The knowledge that we could always just load up and go back to Popplewood made our situation an exercise in stretching the boundaries of possible, rather than an exercise in desperation. The lure at the end of the rainbow for my parents was educational and cultural opportunity for us kids.

Starting in 1979, when I came back to live on our land in Andover for good, I went nuts ordering a variety of specialty fruit and nut trees. I planted northern peaches, sweet cherries, hardy nectarines, purple plums, Chinese chestnuts, Carpathian walnuts. All except the walnuts matured to bear fruit, then one by one succumbed to our USDA rated Zone 4 climate.

Mulberry tree at Popplewood.

What did survive, thriving beyond my wildest expectations, were my mulberry trees. I had read that birds prefer mulberries over blueberries. Hoping to protect the latter, I ordered six moraceae.

Forty years later, my mulberry trees are fully mature. Harking back to my days as a professional pruner at apple orchards, I enjoy cutting them back severely each winter. The leaves of white fruited mulberry trees make superior food for the highly temperamental silkworm. As luck has it, I did plant one of those. Of the others, three bear a prolific crop of purple fruit, and the remaining two are barren.

The birds and bees favor both colors equally. While in bloom and loaded with fruit, my trees explode with winged visitors. Thus far, I have only read up on sericulture, a 5,000-year old labor intensive specialized art in China.

Ultimately, New Englanders did not display the dedication and craftsmanship required to compete, despite the 2 million caterpillar shed of Northampton’s most noted enthusiast of long ago.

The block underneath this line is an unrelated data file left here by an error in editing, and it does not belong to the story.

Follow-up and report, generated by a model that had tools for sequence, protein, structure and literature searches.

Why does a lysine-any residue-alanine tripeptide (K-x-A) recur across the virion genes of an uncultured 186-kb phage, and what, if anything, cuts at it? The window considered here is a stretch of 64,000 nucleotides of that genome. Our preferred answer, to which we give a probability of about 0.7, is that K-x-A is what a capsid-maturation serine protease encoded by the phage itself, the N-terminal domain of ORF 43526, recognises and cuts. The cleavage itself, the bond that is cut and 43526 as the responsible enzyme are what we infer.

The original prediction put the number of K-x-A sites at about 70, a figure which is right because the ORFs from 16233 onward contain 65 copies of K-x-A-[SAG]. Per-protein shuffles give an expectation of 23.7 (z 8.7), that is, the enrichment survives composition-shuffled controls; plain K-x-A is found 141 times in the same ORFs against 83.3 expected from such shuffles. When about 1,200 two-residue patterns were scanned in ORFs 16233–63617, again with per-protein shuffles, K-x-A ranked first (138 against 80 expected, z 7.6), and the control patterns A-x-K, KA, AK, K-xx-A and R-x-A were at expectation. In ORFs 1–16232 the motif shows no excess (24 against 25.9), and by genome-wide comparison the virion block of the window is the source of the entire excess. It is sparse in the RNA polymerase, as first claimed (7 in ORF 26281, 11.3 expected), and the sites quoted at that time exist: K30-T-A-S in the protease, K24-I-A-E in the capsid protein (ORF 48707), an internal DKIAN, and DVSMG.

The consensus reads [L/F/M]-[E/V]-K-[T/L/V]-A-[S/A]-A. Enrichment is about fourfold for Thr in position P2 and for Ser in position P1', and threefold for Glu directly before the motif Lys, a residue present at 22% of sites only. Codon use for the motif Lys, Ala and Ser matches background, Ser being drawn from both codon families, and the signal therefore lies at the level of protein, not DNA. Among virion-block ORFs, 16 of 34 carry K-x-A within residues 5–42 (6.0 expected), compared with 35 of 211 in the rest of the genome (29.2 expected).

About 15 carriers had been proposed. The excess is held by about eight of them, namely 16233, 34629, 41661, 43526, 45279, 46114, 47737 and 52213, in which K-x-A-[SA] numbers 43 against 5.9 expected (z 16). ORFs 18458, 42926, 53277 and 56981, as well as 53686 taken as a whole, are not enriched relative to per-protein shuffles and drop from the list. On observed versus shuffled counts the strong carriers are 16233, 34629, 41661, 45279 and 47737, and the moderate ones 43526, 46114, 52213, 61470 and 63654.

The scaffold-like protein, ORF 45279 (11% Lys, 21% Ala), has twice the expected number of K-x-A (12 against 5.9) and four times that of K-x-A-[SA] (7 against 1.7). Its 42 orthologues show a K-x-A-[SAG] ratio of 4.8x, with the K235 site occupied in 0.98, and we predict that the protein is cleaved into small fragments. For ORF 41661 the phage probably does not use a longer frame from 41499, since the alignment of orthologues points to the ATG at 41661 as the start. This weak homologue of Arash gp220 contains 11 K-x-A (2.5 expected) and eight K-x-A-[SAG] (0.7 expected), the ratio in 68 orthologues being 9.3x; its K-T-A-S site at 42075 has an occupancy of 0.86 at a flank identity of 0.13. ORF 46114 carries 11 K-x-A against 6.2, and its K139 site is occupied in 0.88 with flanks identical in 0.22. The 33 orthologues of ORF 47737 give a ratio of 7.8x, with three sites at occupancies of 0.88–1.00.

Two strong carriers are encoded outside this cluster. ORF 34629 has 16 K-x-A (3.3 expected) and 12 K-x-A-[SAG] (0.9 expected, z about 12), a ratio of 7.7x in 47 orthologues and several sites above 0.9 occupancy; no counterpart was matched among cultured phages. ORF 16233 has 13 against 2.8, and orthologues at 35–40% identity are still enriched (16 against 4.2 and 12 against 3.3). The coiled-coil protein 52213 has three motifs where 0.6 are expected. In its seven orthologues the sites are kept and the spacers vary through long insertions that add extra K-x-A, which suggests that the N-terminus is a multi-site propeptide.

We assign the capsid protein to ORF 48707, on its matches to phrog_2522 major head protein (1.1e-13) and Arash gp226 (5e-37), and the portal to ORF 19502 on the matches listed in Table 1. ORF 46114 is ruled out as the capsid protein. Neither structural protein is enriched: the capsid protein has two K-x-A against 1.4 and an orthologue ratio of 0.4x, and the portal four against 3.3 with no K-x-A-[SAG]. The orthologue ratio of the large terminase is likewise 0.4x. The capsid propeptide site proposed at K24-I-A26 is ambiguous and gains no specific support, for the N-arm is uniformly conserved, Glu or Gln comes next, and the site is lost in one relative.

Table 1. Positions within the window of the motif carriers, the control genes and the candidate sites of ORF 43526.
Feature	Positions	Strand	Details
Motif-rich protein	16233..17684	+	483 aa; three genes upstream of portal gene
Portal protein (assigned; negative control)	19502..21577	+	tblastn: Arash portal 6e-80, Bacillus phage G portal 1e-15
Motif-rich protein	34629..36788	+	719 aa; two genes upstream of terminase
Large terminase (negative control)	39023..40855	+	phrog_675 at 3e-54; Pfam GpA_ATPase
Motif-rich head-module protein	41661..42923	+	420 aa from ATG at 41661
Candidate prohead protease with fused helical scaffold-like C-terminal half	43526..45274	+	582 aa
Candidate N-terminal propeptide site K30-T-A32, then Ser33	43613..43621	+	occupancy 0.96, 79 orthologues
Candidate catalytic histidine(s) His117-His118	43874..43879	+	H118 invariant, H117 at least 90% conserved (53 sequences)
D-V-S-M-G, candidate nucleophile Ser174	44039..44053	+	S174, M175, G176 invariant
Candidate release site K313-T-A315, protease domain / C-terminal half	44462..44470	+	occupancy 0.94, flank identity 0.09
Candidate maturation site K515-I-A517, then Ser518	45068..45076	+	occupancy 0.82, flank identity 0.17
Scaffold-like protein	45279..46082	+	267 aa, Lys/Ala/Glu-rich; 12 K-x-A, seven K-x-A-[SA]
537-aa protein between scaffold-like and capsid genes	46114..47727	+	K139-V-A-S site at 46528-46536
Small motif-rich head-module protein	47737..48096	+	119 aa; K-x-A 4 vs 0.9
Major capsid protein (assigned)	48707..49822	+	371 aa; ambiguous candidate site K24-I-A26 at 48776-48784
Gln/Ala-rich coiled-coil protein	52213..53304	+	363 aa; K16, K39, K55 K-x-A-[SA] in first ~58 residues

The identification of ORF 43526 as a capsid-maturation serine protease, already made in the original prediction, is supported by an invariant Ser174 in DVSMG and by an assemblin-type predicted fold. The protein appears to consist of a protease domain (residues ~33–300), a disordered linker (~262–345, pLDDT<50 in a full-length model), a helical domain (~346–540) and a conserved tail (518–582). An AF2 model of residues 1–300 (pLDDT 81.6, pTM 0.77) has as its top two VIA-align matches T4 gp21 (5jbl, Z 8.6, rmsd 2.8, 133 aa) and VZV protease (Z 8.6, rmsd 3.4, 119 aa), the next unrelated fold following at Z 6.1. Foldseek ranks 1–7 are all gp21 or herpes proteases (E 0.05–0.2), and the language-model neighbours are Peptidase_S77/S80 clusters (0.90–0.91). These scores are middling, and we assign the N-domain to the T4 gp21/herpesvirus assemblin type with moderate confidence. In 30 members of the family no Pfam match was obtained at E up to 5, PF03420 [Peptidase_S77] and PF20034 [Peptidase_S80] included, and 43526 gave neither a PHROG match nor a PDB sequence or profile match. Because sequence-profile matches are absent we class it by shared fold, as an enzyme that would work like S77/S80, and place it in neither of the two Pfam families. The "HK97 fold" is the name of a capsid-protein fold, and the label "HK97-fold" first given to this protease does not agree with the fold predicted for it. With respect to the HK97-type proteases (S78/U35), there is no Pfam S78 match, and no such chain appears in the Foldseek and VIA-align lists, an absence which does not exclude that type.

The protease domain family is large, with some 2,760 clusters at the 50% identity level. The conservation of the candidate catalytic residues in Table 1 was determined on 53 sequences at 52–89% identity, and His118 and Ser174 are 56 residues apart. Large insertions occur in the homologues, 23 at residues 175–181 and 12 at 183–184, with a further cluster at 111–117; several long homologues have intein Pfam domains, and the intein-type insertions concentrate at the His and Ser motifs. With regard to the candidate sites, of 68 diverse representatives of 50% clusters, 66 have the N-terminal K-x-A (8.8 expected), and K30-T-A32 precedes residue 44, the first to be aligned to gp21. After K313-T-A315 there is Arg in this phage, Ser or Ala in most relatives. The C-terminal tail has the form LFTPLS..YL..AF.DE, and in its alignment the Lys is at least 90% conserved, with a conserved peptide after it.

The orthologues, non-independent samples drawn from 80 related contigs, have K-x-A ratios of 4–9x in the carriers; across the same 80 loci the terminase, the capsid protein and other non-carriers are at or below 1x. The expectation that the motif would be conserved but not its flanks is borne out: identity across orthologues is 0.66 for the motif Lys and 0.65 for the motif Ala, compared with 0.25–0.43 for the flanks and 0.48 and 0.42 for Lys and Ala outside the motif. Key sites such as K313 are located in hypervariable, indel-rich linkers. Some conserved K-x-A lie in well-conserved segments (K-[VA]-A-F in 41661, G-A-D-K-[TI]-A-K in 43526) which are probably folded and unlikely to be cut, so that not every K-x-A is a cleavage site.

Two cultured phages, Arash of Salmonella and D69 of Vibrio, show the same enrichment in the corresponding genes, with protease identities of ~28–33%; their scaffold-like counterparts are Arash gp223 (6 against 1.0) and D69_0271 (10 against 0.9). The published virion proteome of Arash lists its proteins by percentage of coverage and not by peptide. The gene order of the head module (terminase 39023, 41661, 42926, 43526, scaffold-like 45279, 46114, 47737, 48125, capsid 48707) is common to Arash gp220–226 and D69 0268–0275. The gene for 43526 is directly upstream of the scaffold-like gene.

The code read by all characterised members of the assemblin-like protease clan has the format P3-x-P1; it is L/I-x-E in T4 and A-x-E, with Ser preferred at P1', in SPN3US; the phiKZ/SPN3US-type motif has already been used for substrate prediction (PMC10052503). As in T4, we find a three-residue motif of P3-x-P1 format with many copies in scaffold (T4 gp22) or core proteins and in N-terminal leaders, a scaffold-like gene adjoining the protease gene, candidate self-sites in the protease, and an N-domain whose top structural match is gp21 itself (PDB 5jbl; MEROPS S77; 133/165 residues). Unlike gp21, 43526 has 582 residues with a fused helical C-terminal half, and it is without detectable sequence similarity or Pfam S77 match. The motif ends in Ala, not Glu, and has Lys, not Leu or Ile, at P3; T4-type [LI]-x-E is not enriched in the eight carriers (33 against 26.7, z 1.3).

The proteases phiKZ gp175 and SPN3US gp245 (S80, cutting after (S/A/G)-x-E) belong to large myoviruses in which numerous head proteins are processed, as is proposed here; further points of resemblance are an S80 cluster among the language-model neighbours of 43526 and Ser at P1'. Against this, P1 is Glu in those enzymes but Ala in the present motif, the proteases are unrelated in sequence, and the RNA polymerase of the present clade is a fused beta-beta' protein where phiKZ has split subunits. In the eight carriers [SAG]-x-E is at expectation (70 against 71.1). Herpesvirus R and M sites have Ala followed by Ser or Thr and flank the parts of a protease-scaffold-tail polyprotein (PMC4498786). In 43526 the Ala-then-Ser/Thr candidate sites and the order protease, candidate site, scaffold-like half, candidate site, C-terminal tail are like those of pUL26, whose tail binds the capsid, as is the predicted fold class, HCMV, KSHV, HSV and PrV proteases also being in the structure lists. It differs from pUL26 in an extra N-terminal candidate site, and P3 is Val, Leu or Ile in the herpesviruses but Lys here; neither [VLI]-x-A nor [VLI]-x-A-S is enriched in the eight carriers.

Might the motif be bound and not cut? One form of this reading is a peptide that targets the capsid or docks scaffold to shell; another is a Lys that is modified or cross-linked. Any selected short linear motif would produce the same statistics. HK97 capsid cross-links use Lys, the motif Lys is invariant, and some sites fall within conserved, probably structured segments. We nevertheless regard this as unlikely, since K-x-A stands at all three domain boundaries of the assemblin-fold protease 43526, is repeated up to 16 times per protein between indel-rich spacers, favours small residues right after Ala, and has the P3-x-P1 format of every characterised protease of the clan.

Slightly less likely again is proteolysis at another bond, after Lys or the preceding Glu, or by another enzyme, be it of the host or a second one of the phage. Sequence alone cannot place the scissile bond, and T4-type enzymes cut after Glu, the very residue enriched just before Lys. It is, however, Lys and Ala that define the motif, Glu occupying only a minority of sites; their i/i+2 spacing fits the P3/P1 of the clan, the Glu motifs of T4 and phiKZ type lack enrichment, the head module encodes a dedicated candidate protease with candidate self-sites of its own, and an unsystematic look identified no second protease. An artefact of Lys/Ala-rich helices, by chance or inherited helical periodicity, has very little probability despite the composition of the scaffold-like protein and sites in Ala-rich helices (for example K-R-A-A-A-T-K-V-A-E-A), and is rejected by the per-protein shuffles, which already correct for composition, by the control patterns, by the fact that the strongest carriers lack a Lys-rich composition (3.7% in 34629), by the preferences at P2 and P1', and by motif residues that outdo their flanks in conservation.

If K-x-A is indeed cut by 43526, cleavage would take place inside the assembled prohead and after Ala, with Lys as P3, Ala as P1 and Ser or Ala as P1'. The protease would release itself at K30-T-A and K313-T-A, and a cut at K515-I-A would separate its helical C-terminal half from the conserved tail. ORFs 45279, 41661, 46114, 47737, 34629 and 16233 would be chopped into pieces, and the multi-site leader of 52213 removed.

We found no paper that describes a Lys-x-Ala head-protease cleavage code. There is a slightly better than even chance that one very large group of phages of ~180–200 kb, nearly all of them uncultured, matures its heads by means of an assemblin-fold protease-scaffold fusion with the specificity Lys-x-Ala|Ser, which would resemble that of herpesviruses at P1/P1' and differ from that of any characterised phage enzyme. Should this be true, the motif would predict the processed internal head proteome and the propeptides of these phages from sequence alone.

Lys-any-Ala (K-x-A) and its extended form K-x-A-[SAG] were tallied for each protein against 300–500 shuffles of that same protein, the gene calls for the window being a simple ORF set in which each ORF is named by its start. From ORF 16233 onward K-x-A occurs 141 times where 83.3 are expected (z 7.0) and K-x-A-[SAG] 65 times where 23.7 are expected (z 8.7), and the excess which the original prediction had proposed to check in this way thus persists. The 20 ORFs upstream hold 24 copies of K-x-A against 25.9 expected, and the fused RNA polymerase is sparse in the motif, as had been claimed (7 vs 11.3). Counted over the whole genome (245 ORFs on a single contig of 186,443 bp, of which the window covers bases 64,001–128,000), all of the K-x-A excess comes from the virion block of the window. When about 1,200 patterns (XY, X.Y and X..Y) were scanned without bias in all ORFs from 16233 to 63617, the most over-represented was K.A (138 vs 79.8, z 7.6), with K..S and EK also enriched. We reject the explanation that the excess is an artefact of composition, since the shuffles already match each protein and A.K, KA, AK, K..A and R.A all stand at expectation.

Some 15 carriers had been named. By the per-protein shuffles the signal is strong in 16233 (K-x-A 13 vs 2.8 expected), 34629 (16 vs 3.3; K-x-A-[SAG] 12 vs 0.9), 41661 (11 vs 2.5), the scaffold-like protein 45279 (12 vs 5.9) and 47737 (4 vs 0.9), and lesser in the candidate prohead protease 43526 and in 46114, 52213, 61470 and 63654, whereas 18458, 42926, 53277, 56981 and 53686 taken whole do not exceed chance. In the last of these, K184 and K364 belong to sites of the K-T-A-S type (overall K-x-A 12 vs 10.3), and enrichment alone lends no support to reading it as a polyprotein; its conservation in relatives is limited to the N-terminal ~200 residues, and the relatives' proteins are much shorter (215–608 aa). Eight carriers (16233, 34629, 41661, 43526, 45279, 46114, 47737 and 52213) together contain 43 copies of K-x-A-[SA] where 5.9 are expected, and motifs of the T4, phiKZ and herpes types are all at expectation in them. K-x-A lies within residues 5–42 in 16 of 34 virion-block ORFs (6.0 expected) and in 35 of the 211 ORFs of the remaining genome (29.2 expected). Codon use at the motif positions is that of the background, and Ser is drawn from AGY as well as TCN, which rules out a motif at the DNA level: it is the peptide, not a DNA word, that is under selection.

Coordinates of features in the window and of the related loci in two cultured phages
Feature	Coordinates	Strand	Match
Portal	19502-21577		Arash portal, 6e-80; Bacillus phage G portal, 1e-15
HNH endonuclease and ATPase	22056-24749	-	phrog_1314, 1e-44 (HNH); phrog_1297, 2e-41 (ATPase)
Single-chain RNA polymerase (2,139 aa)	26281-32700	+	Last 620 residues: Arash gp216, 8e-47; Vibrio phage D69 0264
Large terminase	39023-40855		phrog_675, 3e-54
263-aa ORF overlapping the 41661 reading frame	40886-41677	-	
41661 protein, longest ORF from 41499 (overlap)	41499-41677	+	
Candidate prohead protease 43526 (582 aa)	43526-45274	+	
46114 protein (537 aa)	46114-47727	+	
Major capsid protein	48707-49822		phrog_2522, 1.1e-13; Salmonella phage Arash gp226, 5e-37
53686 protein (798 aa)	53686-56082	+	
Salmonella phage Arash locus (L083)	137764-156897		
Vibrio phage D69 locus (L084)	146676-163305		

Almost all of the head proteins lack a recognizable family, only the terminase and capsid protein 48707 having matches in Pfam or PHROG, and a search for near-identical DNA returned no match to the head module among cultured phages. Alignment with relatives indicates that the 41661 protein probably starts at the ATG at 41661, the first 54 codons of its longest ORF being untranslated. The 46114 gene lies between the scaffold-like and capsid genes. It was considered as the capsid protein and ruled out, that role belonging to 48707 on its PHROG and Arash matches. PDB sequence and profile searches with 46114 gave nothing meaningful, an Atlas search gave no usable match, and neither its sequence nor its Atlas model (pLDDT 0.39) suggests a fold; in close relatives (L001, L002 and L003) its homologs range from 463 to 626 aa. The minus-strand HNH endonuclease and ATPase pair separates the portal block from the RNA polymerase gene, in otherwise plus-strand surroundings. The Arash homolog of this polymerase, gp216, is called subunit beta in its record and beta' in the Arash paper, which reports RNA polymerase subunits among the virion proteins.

In the 1840s, a utopian community — the Northampton Association of Education and Industry — coalesced around the remains of the sericulture experiment. Sojourner Truth found a home there. Buoyed by this community’s support, she agitated with renewed vigor on the national stage for gender, racial and economic equality.

As for my knee sock saga, I suffered it out wearing them all through high school. At least in the old fashioned days long concealing dresses were de rigueur. In modern times, of course, pants are universally accepted. I came of age during the in-between, when sporting hairy legs barred me from being socially acceptable, yet displaying unshaved legs required more courage than I could muster.

After my first day at junior high, I buried my poofy Swiss dotted dress. Luckily, I learned to sew in home economics class and quickly made myself a wardrobe of stylish A-line Twiggy shifts.

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Filed Under: Community and Arts LifeLeft in Andover

About the Author: Vermont native and noted potter Susan Leader grew up on Popplewood Farm in Andover. At age 17, she was inspired to take up the potter's wheel by "a charismatic potter" from the Society of Vermont Craftsman. She spent 18 months apprenticing at pottery villages throughout Japan. She returned to Popplewood Farm, where she and her husband, fiddle player John Specker, raised their two daughters.